Report Looks at Himalayan Glaciers and Water Supply

Himalayan Glaciers: Climate Change, Water Resources, and Water Security concludes that, although scientific evidence shows that most glaciers in South Asia’s Hindu Kush Himalayan region are retreating, the consequences for the region’s water supply are unclear.  The Hindu Kush Himalayan region is the location of several of Asia’s great river systems, which provide water for drinking, irrigation, and other uses for about 1.5 billion people.

Recent studies show that at lower elevations, glacial retreat is unlikely to cause significant changes in water availability over the next several decades, but other factors, including groundwater depletion and increasing human water use, could have a greater impact. Higher elevation areas could experience altered water flow in some river basins if current rates of glacial retreat continue, but shifts in the location, intensity, and variability of rain and snow due to climate change will likely have a greater impact on regional water supplies.

Click through a slideshow of stunning images and data-rich maps to learn more about how climate change is impacting Himalayan glaciers and water resources.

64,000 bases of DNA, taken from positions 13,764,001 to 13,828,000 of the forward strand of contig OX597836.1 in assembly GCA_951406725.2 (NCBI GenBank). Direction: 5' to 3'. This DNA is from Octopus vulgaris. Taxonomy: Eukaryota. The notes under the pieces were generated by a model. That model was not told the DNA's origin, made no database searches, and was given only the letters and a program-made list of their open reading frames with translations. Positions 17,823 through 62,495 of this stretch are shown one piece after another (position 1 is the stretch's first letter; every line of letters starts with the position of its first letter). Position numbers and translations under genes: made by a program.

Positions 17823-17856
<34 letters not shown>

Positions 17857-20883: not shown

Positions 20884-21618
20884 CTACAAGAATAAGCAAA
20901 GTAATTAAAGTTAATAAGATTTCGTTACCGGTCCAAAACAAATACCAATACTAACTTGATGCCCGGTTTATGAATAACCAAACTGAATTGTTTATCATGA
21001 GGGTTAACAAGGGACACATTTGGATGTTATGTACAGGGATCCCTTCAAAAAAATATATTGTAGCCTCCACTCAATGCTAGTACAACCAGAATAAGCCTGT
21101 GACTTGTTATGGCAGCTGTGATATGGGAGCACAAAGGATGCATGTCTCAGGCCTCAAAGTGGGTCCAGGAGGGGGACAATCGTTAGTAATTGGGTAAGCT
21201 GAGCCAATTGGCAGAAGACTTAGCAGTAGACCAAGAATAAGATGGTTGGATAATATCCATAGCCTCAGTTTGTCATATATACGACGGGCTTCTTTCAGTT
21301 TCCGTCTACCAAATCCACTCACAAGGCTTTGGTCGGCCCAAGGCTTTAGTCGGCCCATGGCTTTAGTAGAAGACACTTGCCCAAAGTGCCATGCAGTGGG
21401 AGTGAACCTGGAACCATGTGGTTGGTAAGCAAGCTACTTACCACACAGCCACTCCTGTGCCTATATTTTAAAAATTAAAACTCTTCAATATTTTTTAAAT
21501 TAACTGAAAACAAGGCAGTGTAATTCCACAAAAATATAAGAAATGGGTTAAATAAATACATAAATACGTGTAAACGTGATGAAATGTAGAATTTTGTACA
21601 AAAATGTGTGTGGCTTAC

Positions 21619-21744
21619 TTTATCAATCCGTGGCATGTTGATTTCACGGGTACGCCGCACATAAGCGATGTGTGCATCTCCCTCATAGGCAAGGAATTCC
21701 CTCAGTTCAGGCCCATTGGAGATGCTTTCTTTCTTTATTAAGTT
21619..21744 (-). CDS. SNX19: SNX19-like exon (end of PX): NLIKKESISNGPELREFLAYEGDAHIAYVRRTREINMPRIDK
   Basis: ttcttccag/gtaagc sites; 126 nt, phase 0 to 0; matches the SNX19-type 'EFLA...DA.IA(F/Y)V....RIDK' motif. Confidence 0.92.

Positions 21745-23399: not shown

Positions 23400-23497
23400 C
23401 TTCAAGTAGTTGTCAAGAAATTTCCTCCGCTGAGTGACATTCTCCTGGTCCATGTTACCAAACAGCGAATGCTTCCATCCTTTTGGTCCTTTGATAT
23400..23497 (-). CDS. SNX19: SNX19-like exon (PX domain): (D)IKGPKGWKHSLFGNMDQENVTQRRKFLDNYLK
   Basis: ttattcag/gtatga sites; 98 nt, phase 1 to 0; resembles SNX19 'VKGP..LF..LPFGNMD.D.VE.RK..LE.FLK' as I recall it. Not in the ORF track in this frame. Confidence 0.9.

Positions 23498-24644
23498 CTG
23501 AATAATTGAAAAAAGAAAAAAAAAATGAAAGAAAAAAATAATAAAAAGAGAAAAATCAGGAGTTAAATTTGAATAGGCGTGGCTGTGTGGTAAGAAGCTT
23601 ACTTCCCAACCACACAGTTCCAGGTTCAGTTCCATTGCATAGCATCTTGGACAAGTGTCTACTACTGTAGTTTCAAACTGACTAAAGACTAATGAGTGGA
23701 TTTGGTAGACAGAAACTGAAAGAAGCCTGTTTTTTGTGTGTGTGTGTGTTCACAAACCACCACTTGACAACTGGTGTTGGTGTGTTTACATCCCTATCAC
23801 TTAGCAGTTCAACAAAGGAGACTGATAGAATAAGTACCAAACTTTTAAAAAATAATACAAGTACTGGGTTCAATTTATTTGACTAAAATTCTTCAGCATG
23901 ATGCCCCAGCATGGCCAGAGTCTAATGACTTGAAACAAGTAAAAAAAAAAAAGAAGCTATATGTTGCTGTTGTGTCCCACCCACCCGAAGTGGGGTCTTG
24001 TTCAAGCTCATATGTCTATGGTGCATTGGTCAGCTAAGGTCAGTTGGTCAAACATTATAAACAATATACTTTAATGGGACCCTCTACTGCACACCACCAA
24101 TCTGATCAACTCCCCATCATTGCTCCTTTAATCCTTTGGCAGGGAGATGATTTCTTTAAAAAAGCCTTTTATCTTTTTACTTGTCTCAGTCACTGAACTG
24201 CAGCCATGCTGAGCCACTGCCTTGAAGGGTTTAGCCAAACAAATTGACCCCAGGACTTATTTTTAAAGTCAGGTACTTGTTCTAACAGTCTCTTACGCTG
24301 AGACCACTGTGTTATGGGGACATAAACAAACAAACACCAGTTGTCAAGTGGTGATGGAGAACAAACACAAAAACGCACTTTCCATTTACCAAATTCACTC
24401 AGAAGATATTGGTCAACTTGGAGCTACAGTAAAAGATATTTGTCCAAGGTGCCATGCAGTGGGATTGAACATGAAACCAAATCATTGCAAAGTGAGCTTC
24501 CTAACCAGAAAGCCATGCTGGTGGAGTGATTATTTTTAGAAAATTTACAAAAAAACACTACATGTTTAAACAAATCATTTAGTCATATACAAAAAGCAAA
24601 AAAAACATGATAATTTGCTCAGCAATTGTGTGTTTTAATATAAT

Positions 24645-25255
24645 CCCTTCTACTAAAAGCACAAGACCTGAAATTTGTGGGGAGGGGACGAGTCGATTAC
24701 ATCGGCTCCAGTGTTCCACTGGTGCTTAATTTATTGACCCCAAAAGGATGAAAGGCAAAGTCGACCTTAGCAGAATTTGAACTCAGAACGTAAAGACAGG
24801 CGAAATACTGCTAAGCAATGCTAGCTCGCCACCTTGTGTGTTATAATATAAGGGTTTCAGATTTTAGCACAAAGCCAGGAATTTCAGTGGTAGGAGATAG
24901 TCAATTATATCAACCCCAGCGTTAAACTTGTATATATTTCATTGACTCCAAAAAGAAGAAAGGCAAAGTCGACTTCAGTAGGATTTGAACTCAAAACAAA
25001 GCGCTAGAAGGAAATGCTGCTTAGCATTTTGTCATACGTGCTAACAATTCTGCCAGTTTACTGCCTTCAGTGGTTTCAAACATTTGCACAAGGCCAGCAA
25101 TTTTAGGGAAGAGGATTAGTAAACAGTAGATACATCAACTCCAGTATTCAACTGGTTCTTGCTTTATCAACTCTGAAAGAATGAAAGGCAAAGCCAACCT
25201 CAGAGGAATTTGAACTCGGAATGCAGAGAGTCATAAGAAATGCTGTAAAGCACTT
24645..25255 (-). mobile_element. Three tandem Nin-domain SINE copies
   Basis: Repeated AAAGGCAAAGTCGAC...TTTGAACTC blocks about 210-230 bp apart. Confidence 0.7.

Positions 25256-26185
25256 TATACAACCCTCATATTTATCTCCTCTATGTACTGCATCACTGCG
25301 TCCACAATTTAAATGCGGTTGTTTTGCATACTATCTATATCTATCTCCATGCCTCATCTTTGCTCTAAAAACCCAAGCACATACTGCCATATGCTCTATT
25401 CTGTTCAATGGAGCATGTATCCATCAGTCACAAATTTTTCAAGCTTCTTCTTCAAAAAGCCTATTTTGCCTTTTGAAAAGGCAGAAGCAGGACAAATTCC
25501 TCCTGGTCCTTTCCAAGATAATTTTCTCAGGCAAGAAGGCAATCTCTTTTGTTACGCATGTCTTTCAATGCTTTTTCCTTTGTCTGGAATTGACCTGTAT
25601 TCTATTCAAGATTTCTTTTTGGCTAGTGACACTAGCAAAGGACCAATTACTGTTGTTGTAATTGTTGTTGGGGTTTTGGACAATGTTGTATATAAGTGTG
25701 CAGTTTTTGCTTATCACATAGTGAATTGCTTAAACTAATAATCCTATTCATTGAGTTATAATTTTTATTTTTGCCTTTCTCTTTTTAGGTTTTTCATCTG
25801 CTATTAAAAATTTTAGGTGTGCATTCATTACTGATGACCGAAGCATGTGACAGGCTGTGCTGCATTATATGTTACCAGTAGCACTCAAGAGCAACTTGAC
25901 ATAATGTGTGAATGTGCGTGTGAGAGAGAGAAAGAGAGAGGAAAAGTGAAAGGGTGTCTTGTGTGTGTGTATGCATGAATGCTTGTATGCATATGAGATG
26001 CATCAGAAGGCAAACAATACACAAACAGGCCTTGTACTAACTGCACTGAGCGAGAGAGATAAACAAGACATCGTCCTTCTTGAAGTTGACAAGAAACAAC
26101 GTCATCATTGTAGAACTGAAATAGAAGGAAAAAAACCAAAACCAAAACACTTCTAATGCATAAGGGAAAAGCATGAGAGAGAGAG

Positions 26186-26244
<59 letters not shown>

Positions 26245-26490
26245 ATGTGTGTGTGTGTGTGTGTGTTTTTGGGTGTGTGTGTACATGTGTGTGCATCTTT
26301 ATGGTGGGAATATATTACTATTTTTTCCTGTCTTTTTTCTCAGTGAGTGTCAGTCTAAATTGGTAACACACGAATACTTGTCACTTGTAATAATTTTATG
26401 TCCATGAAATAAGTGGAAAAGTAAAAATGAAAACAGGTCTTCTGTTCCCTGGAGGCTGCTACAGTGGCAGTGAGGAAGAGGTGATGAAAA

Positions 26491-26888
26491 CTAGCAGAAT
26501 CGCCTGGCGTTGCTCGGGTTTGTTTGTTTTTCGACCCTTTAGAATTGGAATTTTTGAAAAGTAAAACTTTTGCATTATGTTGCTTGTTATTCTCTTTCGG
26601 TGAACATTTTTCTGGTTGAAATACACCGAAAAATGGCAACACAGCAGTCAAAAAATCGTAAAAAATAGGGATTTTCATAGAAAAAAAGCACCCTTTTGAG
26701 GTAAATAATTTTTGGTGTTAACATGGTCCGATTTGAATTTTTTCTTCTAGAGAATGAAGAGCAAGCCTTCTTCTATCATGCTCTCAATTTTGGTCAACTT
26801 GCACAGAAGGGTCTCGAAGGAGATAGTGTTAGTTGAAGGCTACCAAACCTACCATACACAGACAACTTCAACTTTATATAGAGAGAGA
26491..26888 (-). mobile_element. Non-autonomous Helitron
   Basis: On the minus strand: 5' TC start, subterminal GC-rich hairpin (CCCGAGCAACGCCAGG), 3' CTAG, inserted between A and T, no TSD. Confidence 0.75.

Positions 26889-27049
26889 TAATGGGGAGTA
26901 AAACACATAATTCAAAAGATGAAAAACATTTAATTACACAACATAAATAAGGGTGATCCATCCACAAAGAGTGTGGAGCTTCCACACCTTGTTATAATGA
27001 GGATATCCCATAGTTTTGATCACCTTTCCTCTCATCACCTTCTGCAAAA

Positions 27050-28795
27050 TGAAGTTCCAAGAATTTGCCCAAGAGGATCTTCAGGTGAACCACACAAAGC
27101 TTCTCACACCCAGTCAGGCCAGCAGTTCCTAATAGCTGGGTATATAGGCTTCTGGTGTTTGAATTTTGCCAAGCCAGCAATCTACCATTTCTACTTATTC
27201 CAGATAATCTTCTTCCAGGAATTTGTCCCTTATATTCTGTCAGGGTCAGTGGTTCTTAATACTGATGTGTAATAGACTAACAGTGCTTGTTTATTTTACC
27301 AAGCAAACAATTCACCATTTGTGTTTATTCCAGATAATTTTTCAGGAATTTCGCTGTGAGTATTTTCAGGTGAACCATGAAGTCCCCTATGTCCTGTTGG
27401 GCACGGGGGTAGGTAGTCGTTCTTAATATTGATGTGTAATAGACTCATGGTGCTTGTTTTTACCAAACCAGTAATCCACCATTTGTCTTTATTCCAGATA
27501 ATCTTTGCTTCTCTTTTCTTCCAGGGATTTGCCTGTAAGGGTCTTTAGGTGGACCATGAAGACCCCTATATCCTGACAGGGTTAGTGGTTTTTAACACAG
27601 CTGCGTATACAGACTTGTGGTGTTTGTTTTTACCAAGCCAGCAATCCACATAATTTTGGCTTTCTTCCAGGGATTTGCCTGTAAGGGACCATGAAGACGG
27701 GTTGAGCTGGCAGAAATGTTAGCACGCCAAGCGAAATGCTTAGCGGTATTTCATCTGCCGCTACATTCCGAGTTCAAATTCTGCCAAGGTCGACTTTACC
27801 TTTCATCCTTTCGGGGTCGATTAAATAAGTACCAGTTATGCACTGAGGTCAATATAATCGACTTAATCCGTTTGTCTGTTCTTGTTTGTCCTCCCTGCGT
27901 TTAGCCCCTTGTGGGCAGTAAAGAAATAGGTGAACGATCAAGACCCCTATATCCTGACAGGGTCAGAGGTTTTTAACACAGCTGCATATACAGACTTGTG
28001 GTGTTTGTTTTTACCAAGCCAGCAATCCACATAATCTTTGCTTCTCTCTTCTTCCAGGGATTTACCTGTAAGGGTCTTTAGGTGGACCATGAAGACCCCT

View archived video of the live event held in conjunction with this report.


Key Findings
  • The meltwater from glaciers in the Hindu Kush Himalayan region, which covers eight countries across Asia, supplements several great river systems such as the Indus, Ganges, and Brahmaputra. Scientific evidence shows that most glaciers in the Himalayan region are retreating, leading to concerns that, over time, normal glacier melt will not be able to contribute to the region’s water supply each year.
  • Glaciers in the eastern and central regions of the Himalayas appear to be retreating at rates comparable to glaciers in other parts of the world. In the western Himalayas, glaciers are more stable and may even be increasing in size. There is uncertainty in projections of future changes in precipitation, but shifts in the location and intensity of snow and rain could also impact the rate of glacial retreat.
  • Variations in climate; in the timing, amount, and type of precipitation; and in glacial behavior and dynamics across the vast Hindu Kush Himalayan region mean that it is challenging to determine exactly how retreating glaciers will affect water supply in each location. It is likely that the contribution of glacier meltwater to water supply in the Hindu Kush Himalayan region may have been overestimated in the past, for example by not differentiating between the contributions to water supply of meltwater from glaciers and meltwater from snow.
  • Overall, retreating glaciers over the next several decades are unlikely to cause significant changes in water availability at lower elevations, which depend primarily on monsoon rains. However, for high elevation areas, current glacier retreat rates, if they continue, could alter streamflow in some basins. Assuming annual precipitation in the form of snow and freezing rain remains the same, the loss of water stored as glacial ice will likely not change the amount of meltwater that supplements rivers and streams each summer.